p5268618socksftf.jpgFortunately, I have managed to get a good dose of project-completion satisfaction recently. For the last year or so, I’ve taken to having a sock-in-progress with me at all times (well, whenever I’m taking my sling bag somewhere with me). My sock projects fit neatly into the awesome bag that Deborah gave me last fall, and it’s amazing how a-few-rows-here and a-few-rows-there can turn into a completed sock faster than one might expect. The pair of socks I just finished is for me, and I made it out of the fabulous Sea Wool yarn that Chelle gave me a year and a half ago. I loved working with this yarn, and the socks feel very luxurious. They’ve been packed away for the summer, and I look forward to wearing them when the weather turns cold again next fall.

p5268619washclothftf.jpgAnd here’s another recently (as in “two days ago”) piece of knitting. I knit a lot of ball-band washcloths a few years ago when the first Mason-Dixon Knitting book made them all the rage, but then I ended up taking a break from them for a while. Now I make them as gifts for friends, and I really enjoy the process of making something by hand that contains thoughts of the recipient and is likely to be appreciated and used. My latest thing: monochrome cloths. I really like the simple look of these.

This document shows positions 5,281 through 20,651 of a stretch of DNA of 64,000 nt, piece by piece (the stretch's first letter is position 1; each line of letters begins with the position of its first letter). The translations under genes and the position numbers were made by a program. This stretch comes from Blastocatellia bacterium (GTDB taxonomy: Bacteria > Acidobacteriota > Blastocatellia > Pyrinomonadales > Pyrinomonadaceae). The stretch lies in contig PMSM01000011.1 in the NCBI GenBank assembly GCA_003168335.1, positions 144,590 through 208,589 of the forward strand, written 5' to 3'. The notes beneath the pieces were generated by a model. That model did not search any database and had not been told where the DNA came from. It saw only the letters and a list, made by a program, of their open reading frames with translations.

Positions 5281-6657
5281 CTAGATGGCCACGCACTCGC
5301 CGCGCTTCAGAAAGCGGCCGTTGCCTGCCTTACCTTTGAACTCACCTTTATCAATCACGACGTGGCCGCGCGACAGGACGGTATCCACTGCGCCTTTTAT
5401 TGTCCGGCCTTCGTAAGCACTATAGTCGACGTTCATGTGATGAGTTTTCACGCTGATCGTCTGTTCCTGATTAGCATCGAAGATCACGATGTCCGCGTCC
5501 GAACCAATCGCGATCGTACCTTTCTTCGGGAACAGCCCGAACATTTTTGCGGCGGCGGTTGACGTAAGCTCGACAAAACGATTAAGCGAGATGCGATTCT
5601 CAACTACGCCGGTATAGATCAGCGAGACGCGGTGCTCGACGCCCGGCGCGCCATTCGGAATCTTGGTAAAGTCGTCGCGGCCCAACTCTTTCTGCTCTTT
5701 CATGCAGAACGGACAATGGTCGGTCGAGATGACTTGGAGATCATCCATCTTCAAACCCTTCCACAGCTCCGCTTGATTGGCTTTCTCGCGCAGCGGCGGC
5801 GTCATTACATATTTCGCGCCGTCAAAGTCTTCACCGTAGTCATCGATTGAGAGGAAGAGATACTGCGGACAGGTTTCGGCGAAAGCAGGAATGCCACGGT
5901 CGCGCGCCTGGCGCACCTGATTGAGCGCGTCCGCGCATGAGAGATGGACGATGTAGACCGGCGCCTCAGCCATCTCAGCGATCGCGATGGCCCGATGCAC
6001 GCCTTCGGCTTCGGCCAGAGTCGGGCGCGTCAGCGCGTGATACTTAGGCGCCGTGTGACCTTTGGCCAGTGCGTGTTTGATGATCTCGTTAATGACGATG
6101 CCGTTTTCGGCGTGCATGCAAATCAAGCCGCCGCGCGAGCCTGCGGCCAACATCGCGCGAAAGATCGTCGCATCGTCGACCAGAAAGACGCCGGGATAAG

p5248481blanketftf.jpgI’ve been doing some experimental sewing, too! I recently did the “seasonal switcheroo” in Sylvia’s room (put out-of-season clothing and bedding into a storage box, make sure the in-season stuff still fits) and remembered that there was still a stack of receiving blankets in one of her underbed drawers. When she was born, we got a gazillion of these as gifts. They didn’t get used for swaddling—partly because Sylvia was born just as spring hit its stride and the weather was warm, and partly because she was ten pounds at birth and from the get-go was just too big for them—and were mostly used by Sylvia when playing with her stuffed animals.